So you should see the rise of social democracy in America - or at least the slender possibility of it - as an eminently good thing. Just as Russia was the last nation to accept capitalism, so America is the last one to accept socialism. Today, its capitalism that’s becoming obsolete, for obvious reasons. Meaningless, stagnation, misery, rage, despair, greed, ruin. Social democracy is alien technology to Stone Age men.

Or, if you like… if the devil’s saving souls, maybe he’s not the prince of hell. Maybe it was the other guy, all along.

SOURCE

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Explaining Socialism To A Republican

By Nurse Pam
Addicting Info
June 23, 2012

I was talking recently with a new friend who Im just getting to know. She tends to be somewhat conservative, while I lean more toward the progressive side.

When our conversation drifted to politics, somehow the dreaded word socialism came up. My friend seemed totally shocked when I said All socialism isn’t bad.  She became very serious and replied “So you want to take money away from the rich and give to the poor?” I smiled and said “No, not at all.  Why do you think socialism means taking money from the rich and giving to the poor?”

“Well it is, isn’t it?” was her reply.

I explained to her that I rather liked something called Democratic Socialism, just as Senator Bernie Sanders, talk show host Thom Hartman, and many other people do. Democratic Socialism consists of a democratic form of government with a mix of socialism and capitalism. I proceeded to explain to her the actual meaning terms democracy and socialism.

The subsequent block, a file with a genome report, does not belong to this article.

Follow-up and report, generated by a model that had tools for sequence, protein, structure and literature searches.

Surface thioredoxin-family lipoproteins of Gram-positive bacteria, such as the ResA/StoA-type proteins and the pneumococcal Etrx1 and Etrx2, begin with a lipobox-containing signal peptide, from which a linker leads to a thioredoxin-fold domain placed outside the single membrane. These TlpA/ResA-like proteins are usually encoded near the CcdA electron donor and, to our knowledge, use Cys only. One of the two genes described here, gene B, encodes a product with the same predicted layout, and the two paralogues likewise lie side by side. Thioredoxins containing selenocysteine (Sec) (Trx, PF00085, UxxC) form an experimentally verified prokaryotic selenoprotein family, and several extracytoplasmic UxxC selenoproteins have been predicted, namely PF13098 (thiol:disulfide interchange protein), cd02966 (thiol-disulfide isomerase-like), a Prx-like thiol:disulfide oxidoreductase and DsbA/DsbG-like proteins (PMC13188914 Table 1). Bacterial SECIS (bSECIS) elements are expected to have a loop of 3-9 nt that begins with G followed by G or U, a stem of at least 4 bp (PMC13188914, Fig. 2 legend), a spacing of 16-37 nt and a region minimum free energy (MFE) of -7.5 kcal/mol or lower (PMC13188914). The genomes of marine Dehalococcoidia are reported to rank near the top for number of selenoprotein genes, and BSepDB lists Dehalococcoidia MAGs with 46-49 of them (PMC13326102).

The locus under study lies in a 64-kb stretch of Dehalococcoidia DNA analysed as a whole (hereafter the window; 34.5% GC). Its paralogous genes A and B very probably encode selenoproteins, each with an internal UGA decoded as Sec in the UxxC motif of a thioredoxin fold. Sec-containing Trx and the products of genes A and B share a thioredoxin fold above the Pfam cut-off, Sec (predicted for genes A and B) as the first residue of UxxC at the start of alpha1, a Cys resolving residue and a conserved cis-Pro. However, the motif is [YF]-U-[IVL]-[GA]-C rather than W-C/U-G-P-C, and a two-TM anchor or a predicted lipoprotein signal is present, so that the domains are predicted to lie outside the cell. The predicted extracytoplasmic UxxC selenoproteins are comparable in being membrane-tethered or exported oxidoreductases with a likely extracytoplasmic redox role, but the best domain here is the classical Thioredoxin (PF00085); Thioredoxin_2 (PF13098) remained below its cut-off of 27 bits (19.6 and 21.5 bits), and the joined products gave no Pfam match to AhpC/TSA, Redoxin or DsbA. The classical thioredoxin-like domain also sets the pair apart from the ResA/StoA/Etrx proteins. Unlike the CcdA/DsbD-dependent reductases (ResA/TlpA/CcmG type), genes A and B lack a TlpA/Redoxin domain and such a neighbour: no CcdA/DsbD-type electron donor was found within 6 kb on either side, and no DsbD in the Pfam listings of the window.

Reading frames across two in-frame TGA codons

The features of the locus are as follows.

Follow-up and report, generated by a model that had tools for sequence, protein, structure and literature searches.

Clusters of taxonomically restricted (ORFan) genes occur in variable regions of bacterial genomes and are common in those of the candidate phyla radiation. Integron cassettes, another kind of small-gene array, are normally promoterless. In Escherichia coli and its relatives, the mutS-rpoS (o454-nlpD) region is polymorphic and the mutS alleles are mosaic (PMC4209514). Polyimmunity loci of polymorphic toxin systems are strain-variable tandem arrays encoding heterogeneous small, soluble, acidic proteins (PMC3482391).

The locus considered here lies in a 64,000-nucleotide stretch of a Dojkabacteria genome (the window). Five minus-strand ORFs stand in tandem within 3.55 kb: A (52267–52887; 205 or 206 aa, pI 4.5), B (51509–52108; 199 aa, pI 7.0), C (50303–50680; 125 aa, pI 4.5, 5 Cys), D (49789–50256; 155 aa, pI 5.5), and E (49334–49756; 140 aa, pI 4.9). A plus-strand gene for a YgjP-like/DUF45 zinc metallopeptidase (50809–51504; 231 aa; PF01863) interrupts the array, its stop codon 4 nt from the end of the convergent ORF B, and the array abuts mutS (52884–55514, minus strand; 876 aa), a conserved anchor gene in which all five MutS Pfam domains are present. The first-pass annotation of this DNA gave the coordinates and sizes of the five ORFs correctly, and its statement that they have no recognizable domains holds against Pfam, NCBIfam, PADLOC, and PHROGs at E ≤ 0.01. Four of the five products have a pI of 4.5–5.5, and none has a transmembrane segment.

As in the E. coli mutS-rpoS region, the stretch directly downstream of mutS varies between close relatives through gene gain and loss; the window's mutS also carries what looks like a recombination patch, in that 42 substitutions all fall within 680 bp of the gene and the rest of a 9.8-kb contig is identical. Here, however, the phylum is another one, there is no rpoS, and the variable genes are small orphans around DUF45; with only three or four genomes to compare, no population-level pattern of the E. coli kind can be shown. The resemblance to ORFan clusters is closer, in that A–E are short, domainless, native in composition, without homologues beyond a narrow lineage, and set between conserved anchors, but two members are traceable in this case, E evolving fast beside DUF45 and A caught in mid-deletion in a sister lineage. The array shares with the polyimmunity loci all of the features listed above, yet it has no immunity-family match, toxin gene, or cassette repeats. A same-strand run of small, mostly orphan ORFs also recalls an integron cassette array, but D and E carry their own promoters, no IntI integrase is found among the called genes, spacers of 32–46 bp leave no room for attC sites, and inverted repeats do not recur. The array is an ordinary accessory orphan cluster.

Democracy is a form of government in which all citizens take part. It is government of the people, by the people, and for the people.

Socialism is where we all put our resources together and work for the common good of us all and not just for our own benefit. In this sense, we are sharing the wealth within society.

Of course when people hear that term, “Share the wealth” they start screaming, “OMG you want to rob from the rich and give it all to the poor!” But that is NOT what Democratic Socialism means.

To a Democratic Socialist, sharing the wealth means pooling tax money together to design social programs that benefit ALL citizens of that country, city, state, etc.

The fire and police departments are both excellent examples of Democratic Socialism in America.  Rather than leaving each individual responsible for protecting their own home from fire, everyone pools their money together, through taxes, to maintain a fire and police department. It’s operated under a non-profit status, and yes, your tax dollars pay for putting out other peoples fires. It would almost seem absurd to think of some corporation profiting from putting out fires.  But it’s more efficient and far less expensive to have government run fire departments funded by tax dollars.

Similarly, public education is another social program in the USA. It benefits all of us to have a taxpayer supported, publicly run education system. Unfortunately, in America, the public education system ends with high school.  Most of Europe now provides low cost or free college education for their citizens. This is because their citizens understand that an educated society is a safer, more productive and more prosperous society. Living in such a society, everyone benefits from public education.

When an American graduates from college, they usually hold burdensome debt in the form of student loans that may take 10 to even 30 years to pay off. Instead of being able to start a business or invest in their career, the college graduate has to send off monthly payments for years on end.